At the talkback afterward, organized by the theatre company, we gathered on benches: Some of the attendees were descendants of people who had been incarcerated; others (me) had been previously ignorant to this use of the building. There were many tears.

I heard people crying at The Cultch the other night too, as Shigematsu told the story of Mas Yamamoto, a Japanese Canadian who had been incarcerated himself, but went on to start a family and a photo business. Both thrived – one of his daughters grew up to be a theatre producer (Donna Yamamoto, the show's artistic producer); another became an MLA, Naomi Yamamoto. In this multimedia work, Shigematsu guides us through an examination of Mas Yamamoto's life – throwing mostly to audio recordings of interviews he conducted with Yamamoto. He also employs video footage and photographs, including pictures of that East Vancouver barn, the stalls converted to holding cells.

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A Vancouver Asian Canadian Theatre production directed by Richard Wolfe, 1 Hour Photo is not an entirely successful dramatic work; there were times when it felt more like a kind of live documentary – and I wondered if in fact Yamamoto's amazing interview would have been put to better use in a radio segment (Shigematsu is a former CBC Radio broadcaster; he hosted The Roundup). Shigematsu's monologue sometimes seemed stilted and there were moments when I felt like I was watching an inspirational TED talk rather than a work of theatre. But the 75-minute show ultimately delivered such an emotional punch that I could forgive its weaker aspects. (What I couldn't forgive was the use of the Van Halen monster hit Jump to transport us back to the year 1980. Anyone with a rock 'n' roll brain could tell you that Jump was a hit in 1984. It was on an album called 1984, for heaven's sake!)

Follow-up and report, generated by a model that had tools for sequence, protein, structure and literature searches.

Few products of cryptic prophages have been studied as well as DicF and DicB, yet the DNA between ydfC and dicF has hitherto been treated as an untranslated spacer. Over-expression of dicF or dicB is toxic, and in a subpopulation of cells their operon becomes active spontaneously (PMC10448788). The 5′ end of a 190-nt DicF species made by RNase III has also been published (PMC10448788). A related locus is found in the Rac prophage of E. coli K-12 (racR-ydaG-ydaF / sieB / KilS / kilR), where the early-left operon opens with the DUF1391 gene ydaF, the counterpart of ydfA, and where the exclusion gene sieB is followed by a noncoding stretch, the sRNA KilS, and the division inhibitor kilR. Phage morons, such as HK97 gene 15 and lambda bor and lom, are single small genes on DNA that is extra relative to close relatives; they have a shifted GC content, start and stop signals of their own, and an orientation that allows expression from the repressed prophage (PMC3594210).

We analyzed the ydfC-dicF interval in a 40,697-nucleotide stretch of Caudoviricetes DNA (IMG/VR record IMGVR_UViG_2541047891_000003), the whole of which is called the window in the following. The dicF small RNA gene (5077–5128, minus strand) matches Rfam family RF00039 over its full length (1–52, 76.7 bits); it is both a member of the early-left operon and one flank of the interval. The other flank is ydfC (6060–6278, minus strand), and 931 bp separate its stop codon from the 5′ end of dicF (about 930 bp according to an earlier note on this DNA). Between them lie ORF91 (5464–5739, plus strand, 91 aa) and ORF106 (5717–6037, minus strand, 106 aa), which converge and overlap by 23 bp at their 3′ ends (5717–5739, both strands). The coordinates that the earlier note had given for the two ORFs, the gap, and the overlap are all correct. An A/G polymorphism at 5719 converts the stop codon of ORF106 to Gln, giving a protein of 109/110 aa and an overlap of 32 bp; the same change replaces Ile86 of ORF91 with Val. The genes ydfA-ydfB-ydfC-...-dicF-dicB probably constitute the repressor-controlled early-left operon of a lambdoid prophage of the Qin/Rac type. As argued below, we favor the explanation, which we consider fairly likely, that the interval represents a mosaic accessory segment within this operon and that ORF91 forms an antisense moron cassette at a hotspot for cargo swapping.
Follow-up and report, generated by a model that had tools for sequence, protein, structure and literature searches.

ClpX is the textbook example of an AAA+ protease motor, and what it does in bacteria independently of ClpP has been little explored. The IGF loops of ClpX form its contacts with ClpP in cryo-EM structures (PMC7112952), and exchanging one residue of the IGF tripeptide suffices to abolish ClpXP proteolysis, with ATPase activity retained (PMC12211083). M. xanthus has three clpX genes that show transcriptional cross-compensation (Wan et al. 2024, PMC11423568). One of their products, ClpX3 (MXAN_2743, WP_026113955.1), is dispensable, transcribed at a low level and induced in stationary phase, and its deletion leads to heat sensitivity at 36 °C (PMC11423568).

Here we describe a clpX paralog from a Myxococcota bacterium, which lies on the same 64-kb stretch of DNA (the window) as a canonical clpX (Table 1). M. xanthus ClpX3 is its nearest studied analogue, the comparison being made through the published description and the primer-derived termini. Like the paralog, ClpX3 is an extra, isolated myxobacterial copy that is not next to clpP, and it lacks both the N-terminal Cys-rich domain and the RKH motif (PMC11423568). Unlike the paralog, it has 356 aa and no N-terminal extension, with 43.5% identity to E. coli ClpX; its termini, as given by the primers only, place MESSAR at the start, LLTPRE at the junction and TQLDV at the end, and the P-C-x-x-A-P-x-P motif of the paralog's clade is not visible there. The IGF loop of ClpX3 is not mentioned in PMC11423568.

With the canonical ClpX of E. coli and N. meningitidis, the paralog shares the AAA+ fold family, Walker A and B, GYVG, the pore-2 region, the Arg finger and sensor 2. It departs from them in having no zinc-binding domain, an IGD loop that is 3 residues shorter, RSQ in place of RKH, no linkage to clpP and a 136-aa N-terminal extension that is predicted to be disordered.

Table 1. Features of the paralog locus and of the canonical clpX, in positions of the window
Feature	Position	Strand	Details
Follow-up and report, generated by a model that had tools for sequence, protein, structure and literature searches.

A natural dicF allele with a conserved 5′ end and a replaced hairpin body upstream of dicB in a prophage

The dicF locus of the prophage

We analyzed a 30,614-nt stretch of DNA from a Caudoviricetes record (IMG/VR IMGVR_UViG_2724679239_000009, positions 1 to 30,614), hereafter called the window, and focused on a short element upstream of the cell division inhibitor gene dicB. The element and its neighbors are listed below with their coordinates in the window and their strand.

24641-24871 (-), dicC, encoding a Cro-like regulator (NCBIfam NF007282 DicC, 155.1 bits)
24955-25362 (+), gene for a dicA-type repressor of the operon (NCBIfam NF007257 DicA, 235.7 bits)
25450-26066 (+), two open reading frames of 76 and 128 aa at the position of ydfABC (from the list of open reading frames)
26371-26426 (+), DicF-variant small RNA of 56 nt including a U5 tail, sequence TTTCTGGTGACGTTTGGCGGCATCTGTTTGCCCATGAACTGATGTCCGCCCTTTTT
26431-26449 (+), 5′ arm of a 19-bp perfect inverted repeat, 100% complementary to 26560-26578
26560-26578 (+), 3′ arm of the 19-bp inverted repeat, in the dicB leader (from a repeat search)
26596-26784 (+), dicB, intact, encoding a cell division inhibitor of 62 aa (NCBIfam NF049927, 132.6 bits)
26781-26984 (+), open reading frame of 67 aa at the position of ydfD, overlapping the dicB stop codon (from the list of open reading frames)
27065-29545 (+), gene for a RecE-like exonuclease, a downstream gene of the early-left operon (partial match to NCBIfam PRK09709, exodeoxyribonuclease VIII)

While we're on music, Steve Charles – who composed the music for the show and plays it live, sharing the stage with Shigematsu – is terrific.

Japanese Problem was only about 40 minutes long, but it will stay with me forever. The play's very short run has ended, but a version of the work, Hastings Park 1942 – a video projection screened hourly onto a recreation of a stall – is now at the Nikkei National Museum in Burnaby. I hope Bancroft and Garfinkel are able to remount Japanese Problem back at the actual site. If they do, get your tickets early. The run this September sold out completely.

1 Hour Photo is at The Cultch in Vancouver until Oct. 15. Hastings Park 1942 is at the Nikkei National Museum until January 14, with a live performances Oct. 15 and Nov. 16.

Meat Loaf says Bat Out of Hell musical brought him to tears (The Canadian Press)
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About the Author
Western Arts Correspondent

Marsha Lederman is the Western Arts Correspondent for The Globe and Mail, based in Vancouver. She covers the film and television industry, visual art, literature, music, theatre, dance, cultural policy, and other related areas. More